The fact that it didn't fight perhaps put the fisherwoman off at first—every angler loves a fish that battles to survive—and it's only when it's hanging on the hook, grunting, does she become aware of its age and history.

As the close observation continues, the wonder increases. Here is a creature from the deep with skin like wallpaper; faded full-blown roses adorn it, rosettes too, and even the swim bladder, that most incredible internal organ, resembles a peony, a flower.

The speaker is choosing these familiar, domestic images in an attempt to understand better the creature she's just caught. Its appearance reminds her of home and despite the presence of sea-lice and weed, and the sharp gills that can cut, the pleasing aesthetics come to the fore.

  • The reader is taken on a guided tour through the fish's anatomy as the eyes of the speaker scan and meet the words of the poet, bringing the whole experience to life. Intimacy increases as the speaker looks into the eyes of the fish—the windows of the soul traditionally - and a rare alliterative combination, tarnished tinfoil, helps paint a unique picture of the inside of a fish eye.

As the guided tour continues the speaker subtly distances herself from the fish momentarily by stating that it does not return her stare, it isn't looking back at its captor, it's merely like a thing reacting to the light.

At this point, there could well have been a change of mind on behalf of the fisherwoman speaker. The fish is not conscious of her, so why not simply get the job done, remove the hook, kill it and save it for eating later on?

But no. One final observation proves to be the tipping point. This fish has got five big hooks in its mouth; they're souvenirs from previous battles with other fishermen and women. Who knows how long they've been there?

  • The speaker implies that the fish is a wise old warrior, that the hooks are like a veteran's medals. It has survived five attempts on its life and so is deserving of a reward—freedom. This raises a bigger moral issue—that of the dominance of the human over the animal kingdom. The speaker holds life and death in her hands—what shall she do with this power?
  • The crucial point to understand is that this fish has now become one with the latent ideals of the fisherwoman. It's a survivor, in a harsh, cruel world. Even the boat agrees; a rainbow spreads out from the oily bilge and seems to cover everything, reminding the reader of the biblical story of Noah, the Flood and the rainbow covenant, the agreement humans made with God.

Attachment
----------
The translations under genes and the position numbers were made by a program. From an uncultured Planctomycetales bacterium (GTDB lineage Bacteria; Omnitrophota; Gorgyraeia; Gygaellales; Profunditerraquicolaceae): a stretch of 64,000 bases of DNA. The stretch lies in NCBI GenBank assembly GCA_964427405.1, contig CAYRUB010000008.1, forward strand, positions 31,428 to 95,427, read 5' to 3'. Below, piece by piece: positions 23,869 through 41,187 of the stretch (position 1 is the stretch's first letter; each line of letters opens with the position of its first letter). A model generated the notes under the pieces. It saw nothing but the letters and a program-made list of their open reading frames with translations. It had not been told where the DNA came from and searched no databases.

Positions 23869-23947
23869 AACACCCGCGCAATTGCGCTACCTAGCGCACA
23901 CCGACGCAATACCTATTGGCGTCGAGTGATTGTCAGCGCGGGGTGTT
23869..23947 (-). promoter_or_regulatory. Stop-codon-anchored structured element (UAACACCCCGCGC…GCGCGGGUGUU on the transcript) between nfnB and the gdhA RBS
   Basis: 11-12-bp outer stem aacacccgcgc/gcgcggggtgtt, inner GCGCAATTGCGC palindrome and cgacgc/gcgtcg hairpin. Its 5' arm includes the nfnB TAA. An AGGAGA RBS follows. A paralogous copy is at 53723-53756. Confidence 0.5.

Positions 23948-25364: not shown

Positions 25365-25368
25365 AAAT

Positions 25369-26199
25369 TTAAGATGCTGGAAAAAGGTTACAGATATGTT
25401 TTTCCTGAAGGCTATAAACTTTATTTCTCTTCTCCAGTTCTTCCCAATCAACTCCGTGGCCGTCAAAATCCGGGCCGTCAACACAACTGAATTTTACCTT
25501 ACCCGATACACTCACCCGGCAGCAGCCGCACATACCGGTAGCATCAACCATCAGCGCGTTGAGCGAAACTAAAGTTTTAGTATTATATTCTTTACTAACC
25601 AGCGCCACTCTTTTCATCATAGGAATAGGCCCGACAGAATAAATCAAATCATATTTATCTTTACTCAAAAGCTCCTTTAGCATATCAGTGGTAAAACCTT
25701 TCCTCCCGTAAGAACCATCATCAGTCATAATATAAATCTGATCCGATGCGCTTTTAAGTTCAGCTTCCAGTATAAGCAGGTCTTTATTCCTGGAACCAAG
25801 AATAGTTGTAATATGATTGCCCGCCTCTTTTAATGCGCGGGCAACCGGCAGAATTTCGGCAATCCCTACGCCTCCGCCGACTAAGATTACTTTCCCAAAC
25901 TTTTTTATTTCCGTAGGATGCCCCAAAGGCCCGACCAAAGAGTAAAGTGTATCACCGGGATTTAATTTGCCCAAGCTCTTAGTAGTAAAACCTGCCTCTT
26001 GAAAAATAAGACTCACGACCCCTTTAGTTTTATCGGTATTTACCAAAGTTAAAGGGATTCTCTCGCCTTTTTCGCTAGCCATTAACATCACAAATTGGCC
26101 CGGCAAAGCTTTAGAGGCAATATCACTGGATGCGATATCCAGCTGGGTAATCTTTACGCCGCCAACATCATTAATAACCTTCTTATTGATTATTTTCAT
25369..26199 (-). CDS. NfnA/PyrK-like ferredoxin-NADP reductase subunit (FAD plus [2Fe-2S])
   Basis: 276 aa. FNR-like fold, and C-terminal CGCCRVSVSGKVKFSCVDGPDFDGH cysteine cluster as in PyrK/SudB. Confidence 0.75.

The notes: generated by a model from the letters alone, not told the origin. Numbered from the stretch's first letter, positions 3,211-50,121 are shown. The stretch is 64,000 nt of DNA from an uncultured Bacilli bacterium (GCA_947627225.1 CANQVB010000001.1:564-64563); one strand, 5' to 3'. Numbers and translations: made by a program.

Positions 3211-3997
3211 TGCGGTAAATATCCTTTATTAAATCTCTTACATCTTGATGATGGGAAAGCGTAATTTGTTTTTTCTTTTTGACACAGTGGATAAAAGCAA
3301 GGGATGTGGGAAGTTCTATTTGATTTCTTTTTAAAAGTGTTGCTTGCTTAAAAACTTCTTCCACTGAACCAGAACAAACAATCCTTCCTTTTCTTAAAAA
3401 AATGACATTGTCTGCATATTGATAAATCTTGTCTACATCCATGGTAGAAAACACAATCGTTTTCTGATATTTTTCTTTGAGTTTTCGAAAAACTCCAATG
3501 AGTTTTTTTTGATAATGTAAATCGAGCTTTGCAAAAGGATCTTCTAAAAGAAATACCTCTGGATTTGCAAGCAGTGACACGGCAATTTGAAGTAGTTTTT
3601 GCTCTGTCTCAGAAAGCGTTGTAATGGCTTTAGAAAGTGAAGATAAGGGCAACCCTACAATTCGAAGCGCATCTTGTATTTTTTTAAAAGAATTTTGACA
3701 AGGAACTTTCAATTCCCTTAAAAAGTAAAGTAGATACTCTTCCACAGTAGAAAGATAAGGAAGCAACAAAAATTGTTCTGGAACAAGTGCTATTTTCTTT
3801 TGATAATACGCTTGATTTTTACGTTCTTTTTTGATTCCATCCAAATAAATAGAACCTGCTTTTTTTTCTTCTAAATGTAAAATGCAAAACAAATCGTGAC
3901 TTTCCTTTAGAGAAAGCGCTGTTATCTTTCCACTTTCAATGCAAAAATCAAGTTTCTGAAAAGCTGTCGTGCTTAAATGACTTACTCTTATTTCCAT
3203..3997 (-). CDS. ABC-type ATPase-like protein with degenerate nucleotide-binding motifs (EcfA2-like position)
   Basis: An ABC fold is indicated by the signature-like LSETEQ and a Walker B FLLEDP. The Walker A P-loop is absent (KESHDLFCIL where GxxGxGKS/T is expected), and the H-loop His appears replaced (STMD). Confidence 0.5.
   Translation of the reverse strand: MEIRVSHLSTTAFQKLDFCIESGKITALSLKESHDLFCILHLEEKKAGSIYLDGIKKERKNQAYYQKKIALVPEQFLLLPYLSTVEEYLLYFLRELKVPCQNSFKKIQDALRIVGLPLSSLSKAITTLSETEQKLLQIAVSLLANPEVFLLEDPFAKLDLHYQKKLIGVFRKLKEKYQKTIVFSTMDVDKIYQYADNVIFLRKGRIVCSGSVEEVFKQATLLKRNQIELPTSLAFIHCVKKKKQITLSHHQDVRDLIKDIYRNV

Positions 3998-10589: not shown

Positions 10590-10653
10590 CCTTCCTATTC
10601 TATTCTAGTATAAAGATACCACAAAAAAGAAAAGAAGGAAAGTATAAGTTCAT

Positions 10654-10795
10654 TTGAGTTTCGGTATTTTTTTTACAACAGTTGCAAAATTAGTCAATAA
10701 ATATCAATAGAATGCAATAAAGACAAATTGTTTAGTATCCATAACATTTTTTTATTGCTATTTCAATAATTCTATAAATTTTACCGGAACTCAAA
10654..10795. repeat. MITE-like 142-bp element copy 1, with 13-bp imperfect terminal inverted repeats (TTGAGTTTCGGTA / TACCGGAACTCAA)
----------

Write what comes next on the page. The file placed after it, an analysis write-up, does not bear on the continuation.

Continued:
In the end, mercy is shown to the fish, who appears wise, tough yet beautiful, who has gained the hard-won respect of the speaker after surviving previous struggles against adversity, on the end of a line.

Literary and Poetic Devices Used

Seventy-six short lines in one lengthy slim stanza with occasional trimeter lines but no set rhythm or beat and little regular rhyme make this quite an exercise in reading down the page. The syntax is skillfully crafted, the imagery vivid.

Note the use of the occasional dash—which causes the reader to pause—as if the speaker is interrupting their own thought process.

Internal slant rhyme and assonance help keep the lines interesting and musical; note caught/water/fought and brown/blown and backed/packed/scratched and grim/firmly/crimped and so on.

Similes occur and help intensify the imagery—so the skin of the fish hung in strips like ancient wallpaper together with the coarse white flesh packed in like feathers.


The diction is varied and textured, from powerful adjectives used to describe the fish: battered, frightening, tarnished, sullen, aching to the relatively obscure entrails (guts, internal organs) and islinglass (a substance obtained from dried swim bladders).

On the boat a thwart is a crosspiece used for a rowing seat, an oarlock a metal holder for the oar, the gunnel (or gunwhale) is the top edge of the boat, whilst the bilge is dirty water pooling on the boat bottom.

These nautical names, along with the names used to define the actual physical fish, bring authenticity to the idea that this is very much the world of fishing.


At first, the speaker is jubilant, catching a tremendous fish, landing a whopper, but as the poem moves on this pride is tempered by closer and closer observation of the specimen.

All kinds of associations come to light through multiple uses of simile. This fish has a complex anatomy, reflected by the speaker's use of the figurative language of awe.

Awe turns to admiration and the acknowledgement that this is no ordinary fish, it has the scars of battle to prove its worth. Surely such a prize fish deserves another chance? The poem ends in a revelatory fashion as the rainbow takes over, which tips the balance.


© 2017 Andrew Spacey